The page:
Our next class was Meditation with Sanjeev, a gentle old man who rode a motorcycle and was always dressed in pristine, head-to-toe white. We could never figure out how he kept his white shoes spotless after walking on the dirt paths that stained our own sandals. We did different forms of meditation: prayer, group, chant, laughing and movement. Our final class was a dancing meditation. I learned to waltz from my Austrian friend, and Sanjeev stood from his usual quiet seated position and broke into our dance circle, wildly swaying his arms and shaking his hips. Sanjeev also taught creative meditation. He said that when we express ourselves creatively through something we love, we are freeing our mind and living in the present moment, such as in dance, painting, singing or photography. Each Saturday class, we had a creative circle where every person had to share one of their gifts with the class. Students shared detailed drawings, told stories about legends from their home country, sang songs in their native tongue, and gave classmates origami. It was fabulous to illuminate how every person has so many talents. I also appreciated our simple meditations, when we quietly sat on the rooftop of our building where we could see the sun set over the Ganges River, and be enveloped by the calming brush of the breeze.
Following meditation, we had dinner, a meal similar to lunch. I loved sitting around at dinner and listening to everyone tell stories about where they came from and where they had traveled. We were an interesting group: John the Aussie with two cute kids, who grew avocado and apricot trees; Gudi from Vienna, who spent the past year living in France; Bri, who sold her life in Wisconsin to travel the world solo; Daniella from Puerto Rico, who spent the past six months traveling Southeast Asia; and Topaz, the professional ballerina, who had the kindest smile. It was inspiring to see how people lived their lives and made me realize the potential that life offers if you go outside and reach it.
This was a typical day in my life for the five weeks I was in India. I was able to learn and experience so much, and meet and love so many beautiful people. I am exceedingly grateful for the Johnson Opportunity Grant, and can confidently say this experience will benefit me in many aspects of my life. I am excited to share what I have learned through teaching yoga classes at Center of Gravity Studio in Lexington, and by sharing the photography book I created.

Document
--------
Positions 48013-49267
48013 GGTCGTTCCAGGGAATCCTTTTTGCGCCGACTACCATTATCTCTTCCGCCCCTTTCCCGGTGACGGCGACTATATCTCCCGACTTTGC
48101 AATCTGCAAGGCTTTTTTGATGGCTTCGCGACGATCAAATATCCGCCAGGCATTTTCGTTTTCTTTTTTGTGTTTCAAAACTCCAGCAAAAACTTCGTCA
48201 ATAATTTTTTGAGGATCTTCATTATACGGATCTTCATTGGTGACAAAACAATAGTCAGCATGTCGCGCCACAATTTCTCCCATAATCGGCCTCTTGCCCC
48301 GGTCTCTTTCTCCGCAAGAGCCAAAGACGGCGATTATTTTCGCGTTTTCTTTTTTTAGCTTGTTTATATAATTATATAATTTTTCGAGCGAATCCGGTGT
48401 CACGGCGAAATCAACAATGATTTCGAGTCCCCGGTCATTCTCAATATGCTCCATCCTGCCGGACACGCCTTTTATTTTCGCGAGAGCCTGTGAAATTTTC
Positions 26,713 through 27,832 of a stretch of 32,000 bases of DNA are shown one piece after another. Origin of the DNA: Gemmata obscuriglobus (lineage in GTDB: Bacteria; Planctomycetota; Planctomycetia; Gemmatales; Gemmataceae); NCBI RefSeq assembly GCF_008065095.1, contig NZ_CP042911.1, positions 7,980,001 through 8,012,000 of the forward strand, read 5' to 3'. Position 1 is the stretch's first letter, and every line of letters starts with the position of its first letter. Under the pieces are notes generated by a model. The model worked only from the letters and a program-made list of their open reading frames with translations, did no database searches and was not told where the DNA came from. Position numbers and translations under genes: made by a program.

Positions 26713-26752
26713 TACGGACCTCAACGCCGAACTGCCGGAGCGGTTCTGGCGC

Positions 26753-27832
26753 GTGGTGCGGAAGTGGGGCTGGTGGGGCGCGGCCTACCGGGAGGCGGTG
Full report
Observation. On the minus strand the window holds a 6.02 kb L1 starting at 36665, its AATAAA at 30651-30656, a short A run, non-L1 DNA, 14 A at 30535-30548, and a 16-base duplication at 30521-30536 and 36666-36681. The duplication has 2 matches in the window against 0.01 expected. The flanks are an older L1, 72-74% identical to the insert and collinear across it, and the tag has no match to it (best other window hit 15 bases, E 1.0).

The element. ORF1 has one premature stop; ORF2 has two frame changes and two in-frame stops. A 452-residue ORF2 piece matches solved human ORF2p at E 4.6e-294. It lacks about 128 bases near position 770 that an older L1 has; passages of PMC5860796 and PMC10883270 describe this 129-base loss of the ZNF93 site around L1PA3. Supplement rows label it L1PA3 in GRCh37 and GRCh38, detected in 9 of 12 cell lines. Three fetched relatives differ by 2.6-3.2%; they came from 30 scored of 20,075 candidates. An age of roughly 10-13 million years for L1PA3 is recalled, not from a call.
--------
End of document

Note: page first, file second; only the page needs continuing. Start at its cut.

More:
More about Bella:
Hometown: Akron, Ohio
Major: Business Administration
Minor: Studio Art (Photography)
- Development Intern
- Mock Trial
- Campus Activities
- Alpha Delta Pi
- Study Abroad Spring 2015 – Photography in Paris
- Semester Abroad in Madrid Fall 2015
Why did you apply for the Johnson Opportunity Grant?
The ability to create my own project was amazing. I was able to combine three of my favorite things: yoga, photography and travel.
How did your work under the grant apply to your studies at W&L?
My experience has applied to my studies in a multitude of unexpected ways. Academically, it most closely related to my photography minor. I took photographs and have created a self-published book with 140 images. The knowledge I gained at Vinyasa Yoga School also contributed to creating balance in my work, study and social lives, increased my mental flexibility and ability to look at things from new perspectives, and to deal with stress management more effectively. I have been given a new perspective on life, which has changed my goals and direction of my work, studies and post-graduation plans.
What was the most unexpected aspect of your grant experience?
I pictured a relaxing, Zen, trouble-free month for myself, but it was anything but. It vacillated between extremely high highs and low lows. My friends joked about how lucky I was (and I am!) to have received a grant to “go do yoga in India.” That is what I did, but it was in the context of three grueling physical classes a day, along with philosophy, anatomy and physiology, six days a week, beginning at 6 a.m. It was in conjunction with having a hostel room infested with termites that grew dimensionally out of the wall, and one night having hundreds and hundreds of swarming bugs in my room, horror-movie style. I was the absolute sickest I have ever been for 10 days without access to a doctor, and pulled my hamstring. I learned a lot about problem-solving and remaining positive.
Post-Graduation Plans: I’ll be working as a wildlife photographer at Hanson Bay Wildlife Sanctuary on Kangaroo Island, teaching yoga in Melbourne, scuba diving in Malaysia, and volunteering in Thailand and Indonesia. After traveling, I will come back and get a real job (I promise, Mom)!
Favorite W&L Memory: I loved studying abroad during Spring Team with Professor Christa Bowden for our Photography in Paris class. We went to markets, museums and river tours on the Siene, re-created Atget photos, and explored. My group of two photo students and two history students did a project on Parisian street art, and it was amazing to learn about the modern artists and how the street art movement developed.
Favorite Class: Professor Bill Oliver’s short-story fiction class. We study examples of short stories and then write our own. The class meets at LexCo to critique each other’s work. I absolutely loved it, and recommend everyone take it. It provided me with a foundation to write a novel with Professor Oliver’s guidance, which has been an awesome experience.
Favorite Campus or Lexington Landmark: Rockbridge Regional Library — no one goes there, and it is my secret gem for studying. It’s a great way to feel integrated with the town.
What’s your personal motto? Everything happens for a reason. Be nice. Love everyone. Work hard. Live your truth (be yourself).
What’s your favorite song right now? I really struggle with the concept of a favorite, I can’t pick just one thing. I’m currently listening to a lot of ZHU, Russ, Alex Aioni and Glass Animals.
Best place to eat in Lexington? What do you order? Napa Thai. Panang Curry or Drunken Noodles with tofu. James Dick has never been there, so everyone should peer-pressure him into experiencing their amazing food.
What’s your passion?